Opens Fri., Nov. 1 at Thornton Place and other theaters. Rated R. 123 minutes.
If Woody Allen can leaven his comedies with supernatural gimmicks, why can’t Richard Curtis? The British author of Love Actually and Four Weddings and a Funeral has built his latest project around time travel, but Curtis isn’t interested in the vasty reaches of future worlds or anything like that. His focus remains romance, played out on a modest scale.
On his 21st birthday, Tim Lake (Domhnall Gleeson) is taken aside by his father (Bill Nighy) and informed of the family gift: The Lake men can time-trip. There are temporal restrictions, but basically Tim can go back and fix past errors by going into a dark closet and thinking hard about the previous moment in question. This is especially helpful during his courtship of Mary (Rachel McAdams), a cute and funny catch who seems to love him as much as he loves her. This is one of the odd notes about About Time: The central romance pretty much goes swimmingly. There aren’t that many bumps in the road, and Tim’s ability to go back and revise the past means he can wriggle out of most awkward situations. A couple of weird butterfly-effect incidents require extra effort, but the love story itself is smooth sailing, for a romantic comedy.
Curtis is as skillful with deft one-liners and a prone to mawkishness as ever. Toward the end of About Time, as though sensing the blandness of the central couple, he steers the film back toward father and son. This gives a nice opening to Nighy (when is this cagey pro going to get his first Oscar nomination?), but it makes way for beer-commercial sentimentality, too. McAdams fulfills the dream-girl outline with ease. (Curtis has realized you can’t write British dialogue for an American—or in this case, Canadian. I still feel bad for Andie MacDowell in Four Weddings, trying to make London syntax work with her flat Yankee accent.)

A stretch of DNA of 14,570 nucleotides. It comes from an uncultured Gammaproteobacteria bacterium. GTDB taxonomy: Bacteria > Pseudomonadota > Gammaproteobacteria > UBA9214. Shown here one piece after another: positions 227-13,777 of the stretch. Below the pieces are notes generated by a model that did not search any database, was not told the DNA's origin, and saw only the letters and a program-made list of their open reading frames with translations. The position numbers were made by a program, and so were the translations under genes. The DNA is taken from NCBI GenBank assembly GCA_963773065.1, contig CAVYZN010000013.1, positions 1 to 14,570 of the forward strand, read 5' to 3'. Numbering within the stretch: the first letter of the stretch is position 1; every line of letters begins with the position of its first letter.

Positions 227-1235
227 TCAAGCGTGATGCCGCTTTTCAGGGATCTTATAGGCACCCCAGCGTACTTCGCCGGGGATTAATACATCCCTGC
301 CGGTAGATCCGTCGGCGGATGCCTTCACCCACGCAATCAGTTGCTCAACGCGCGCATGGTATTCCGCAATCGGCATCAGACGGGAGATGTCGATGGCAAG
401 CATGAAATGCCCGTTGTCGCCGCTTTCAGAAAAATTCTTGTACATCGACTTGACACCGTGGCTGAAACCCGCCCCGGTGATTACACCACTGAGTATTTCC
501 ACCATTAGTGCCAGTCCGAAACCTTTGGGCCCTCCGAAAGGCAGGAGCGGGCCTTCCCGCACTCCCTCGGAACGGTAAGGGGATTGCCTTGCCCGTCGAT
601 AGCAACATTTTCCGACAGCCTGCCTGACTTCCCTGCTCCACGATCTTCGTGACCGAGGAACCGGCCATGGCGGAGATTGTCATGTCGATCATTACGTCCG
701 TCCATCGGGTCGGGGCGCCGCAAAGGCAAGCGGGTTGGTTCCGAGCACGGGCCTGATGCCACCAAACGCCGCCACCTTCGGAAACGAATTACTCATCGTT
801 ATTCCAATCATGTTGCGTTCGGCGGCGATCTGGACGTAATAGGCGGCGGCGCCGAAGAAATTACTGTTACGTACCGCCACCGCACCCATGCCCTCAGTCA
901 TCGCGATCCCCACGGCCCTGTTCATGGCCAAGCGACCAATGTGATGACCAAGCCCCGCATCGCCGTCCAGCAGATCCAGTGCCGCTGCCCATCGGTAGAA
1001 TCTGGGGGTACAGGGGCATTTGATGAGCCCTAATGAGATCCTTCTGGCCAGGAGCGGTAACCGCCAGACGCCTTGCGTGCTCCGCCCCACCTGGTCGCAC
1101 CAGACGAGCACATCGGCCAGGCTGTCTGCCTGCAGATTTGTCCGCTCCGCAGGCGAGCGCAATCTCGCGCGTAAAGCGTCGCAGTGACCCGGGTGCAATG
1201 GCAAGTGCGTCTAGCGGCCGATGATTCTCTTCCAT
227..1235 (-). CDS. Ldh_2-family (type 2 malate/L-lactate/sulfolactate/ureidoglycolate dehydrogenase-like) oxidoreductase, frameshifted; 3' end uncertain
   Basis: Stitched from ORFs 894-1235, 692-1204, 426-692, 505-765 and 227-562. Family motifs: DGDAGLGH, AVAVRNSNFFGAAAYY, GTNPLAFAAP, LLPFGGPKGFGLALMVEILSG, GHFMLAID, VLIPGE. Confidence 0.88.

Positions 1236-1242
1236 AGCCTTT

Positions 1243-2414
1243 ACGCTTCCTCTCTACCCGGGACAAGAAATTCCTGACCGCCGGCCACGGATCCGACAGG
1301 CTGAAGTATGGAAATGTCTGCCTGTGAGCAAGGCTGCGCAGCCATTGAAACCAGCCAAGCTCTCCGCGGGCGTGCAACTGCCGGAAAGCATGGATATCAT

One of the movie’s pleasures—and it does have them—is the chance to watch an actor take his first leading-man shot. Gleeson, who was quite good in the otherwise misbegotten Anna Karenina, looks like a young Michael Caine but with half the aggression. His father is Brendan Gleeson, the burly Irish master, and he has his father’s red hair and sly humor, if not his authority. But this movie doesn’t cry out for authority—just wispy, winking charm.